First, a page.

## Thursday, July 19, 2012

### Brian Clegg On Giant Balls of Life

Today's question comes from popular science writer Brian Clegg. Brian has written on a variety of topics ranging from the science of flight to time travel to the bizarre physics behind quantum entanglement. His latest book, Gravity: How the Weakest Force in the Universe Shaped Our Lives, came out earlier this year.

Brian writes,
If you took all the living material (animal, plant, bacterial etc.) on the Earth, took it into space and made it into a ball:
1. What would be the gravitational pull on its surface?2. What existing solar system body would it be closest to gravitationally?3. What effect would it have on the gravitational pull of the Earth?
 Brian has a boatload of cool books you should check out.

Let's take these one at a time.

1. Gravitational pull on its surface.
In order to solve this, it helps to know the total amount of biomass present on Earth. Biomass can mean different things, but here I mean the total amount of carbon that makes up a particular species. For example, the average human weighs about 50 kilograms (110 lbs) and there are seven billion of us worldwide, so our total mass would be about 3.5×1011 kilograms. Roughly 18% of the human body is carbon, so the total biomass would be roughly 6.3×1010 kilograms (70 million tons.) To answer Brian's question, we'll need to know the total biomass of all species on Earth.

I remember very little from high school biology, but I vaguely recall the food chain.

The food chain can be summarized fairly succinctly: "Big things eat little things."1 However, for this to be sustainable, the total biomass of the little things has to be much greater than the total biomass of the big things or else they would get eaten up too quickly. For example, land plants comprise 1000 times more biomass than land animals. Humans, being close to the top of the food chain,2 will compose a fairly insignificant percentage of the total biomass, so my estimation of the total human biomass will be of little use to us. Fortunately, Wikipedia provides a more convenient starting point:

"Apart from bacteria, the total live biomass on earth is about 560 billion tonnes C...."

Assuming other creatures have roughly the same percentage of carbon humans do, the total mass of all non-bacterial creatures would be roughly 3×1015 kilograms. How does this compare with the total mass of bacteria?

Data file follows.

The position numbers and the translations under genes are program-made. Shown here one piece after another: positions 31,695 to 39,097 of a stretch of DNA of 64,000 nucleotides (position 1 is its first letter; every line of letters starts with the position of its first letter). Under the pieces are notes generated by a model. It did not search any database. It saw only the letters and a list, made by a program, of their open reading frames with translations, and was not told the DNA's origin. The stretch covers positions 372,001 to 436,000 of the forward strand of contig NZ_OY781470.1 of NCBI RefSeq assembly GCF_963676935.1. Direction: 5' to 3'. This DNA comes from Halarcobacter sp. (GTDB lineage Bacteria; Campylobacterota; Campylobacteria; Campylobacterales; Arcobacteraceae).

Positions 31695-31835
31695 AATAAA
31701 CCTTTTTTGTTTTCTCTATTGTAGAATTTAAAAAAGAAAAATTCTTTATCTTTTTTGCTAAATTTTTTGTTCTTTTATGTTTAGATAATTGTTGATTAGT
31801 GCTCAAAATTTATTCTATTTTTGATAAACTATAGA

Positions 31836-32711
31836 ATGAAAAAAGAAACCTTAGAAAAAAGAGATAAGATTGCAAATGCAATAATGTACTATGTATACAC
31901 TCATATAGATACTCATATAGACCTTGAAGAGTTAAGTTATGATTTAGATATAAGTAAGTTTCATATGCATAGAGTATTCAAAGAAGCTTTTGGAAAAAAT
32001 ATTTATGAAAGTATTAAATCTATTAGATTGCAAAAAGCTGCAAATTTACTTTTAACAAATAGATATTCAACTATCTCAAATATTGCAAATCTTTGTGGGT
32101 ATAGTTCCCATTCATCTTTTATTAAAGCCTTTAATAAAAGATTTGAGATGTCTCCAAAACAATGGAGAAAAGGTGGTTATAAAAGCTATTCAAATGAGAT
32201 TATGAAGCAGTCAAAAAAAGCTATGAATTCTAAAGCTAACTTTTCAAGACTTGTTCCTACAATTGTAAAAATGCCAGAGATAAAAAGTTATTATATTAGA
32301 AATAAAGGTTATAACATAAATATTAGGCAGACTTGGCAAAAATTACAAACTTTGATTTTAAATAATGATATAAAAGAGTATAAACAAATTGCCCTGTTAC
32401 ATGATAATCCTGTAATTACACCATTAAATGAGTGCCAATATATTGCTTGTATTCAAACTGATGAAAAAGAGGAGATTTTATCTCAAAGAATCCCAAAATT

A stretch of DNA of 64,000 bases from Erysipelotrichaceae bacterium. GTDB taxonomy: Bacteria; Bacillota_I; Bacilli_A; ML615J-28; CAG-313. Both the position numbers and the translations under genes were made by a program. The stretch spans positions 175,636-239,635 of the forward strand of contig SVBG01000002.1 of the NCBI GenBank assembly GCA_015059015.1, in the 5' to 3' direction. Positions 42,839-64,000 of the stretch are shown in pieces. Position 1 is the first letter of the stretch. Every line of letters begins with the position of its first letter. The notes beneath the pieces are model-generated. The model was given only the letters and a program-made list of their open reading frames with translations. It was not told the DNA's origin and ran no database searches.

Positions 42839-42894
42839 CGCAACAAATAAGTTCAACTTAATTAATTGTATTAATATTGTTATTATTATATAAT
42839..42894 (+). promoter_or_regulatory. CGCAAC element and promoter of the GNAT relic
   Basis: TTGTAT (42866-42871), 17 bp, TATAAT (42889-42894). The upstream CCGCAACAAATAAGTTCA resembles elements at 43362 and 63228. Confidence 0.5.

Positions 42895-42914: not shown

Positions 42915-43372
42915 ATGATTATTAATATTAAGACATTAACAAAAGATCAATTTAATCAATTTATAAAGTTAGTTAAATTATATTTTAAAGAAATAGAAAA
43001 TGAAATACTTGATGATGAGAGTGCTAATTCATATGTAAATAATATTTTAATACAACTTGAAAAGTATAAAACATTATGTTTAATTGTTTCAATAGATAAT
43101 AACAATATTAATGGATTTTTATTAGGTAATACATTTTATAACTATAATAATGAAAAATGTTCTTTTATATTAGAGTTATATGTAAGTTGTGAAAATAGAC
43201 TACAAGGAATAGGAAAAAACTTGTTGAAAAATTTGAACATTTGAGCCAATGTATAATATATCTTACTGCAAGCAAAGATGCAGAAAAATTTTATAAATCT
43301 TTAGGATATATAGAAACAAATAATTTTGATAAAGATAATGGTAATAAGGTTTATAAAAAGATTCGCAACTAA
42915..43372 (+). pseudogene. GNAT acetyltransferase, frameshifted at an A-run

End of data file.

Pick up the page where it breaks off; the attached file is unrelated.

Wikipedia lists an estimate for the total number of individual bacteria as being roughly 5×1030. Assuming a mass of 10-12 grams per bacteria, that would put the total bacterial mass at 5×1015 kilograms, which brings the total mass of all living creatures to roughly 8×1015 kilograms (8 trillion tons.)

Most living species have a density close to water at around 1.0 gram per cubic centimeter. Molded into a sphere, our biomass ball would have a radius of about 13 kilometers. We can use Newton's law of gravity to find the gravitational pull at the surface of the ball,

g = G M / r2.

Here, G =  6.67×10-11 N•m2/kg2 is the gravitational constant, M =  8×1015 kg is the total biomass, and r = 13 km is the radius of the ball. Plugging in numbers, we find g = 3.2 mm/s2. That's about 3000 times smaller than Earth's gravitational pull.

2. Closest (gravitational) body in the solar system.
Gravitationally, Pluto is the weakest planet (or "planet" according to some) in the solar system with g = 0.61 m/s2, but even this is 200 times larger than the attraction that would be felt by our ball of biomass.

 "I may not be a planet, but I'm still stronger than you, all of life."

Even moons are going to have a much stronger gravitational pull than our bio-ball. Gravitationally-speaking, the closest object to our little ball o' life would likely by an asteroid or a comet. For example, Halley's comet weighs about 1014 kg where as asteroids can vary anywhere from 1011-1021 kg.

 What a ball of humanity might look like

3. Effect on Earth.
Unless it smashed into the Earth like the asteroid that took out the dinosaurs, our asteroid is going to have very little effect on the Earth. Even if it were touching the Earth, the gravitational pull would only increase by 0.03%. Apparently, life is only a very small part of the world!

Thanks for a great question, Brian! You can find out more about Gravity and Brian's other books on his website and follow him on Twitter.

[1] Having grown up in the former whaling capitol of the world, I am aware that there are notable exceptions to this rule.
[2] I suspect cannibalistic humans would technically rank slightly higher than non-cannibalistic humans.

Aaron Santos is a physicist and author of the books How Many Licks? Or How to Estimate Damn Near Anything and Ballparking: Practical Math for Impractical Sports Questions. Follow him on Twitter at @aarontsantos.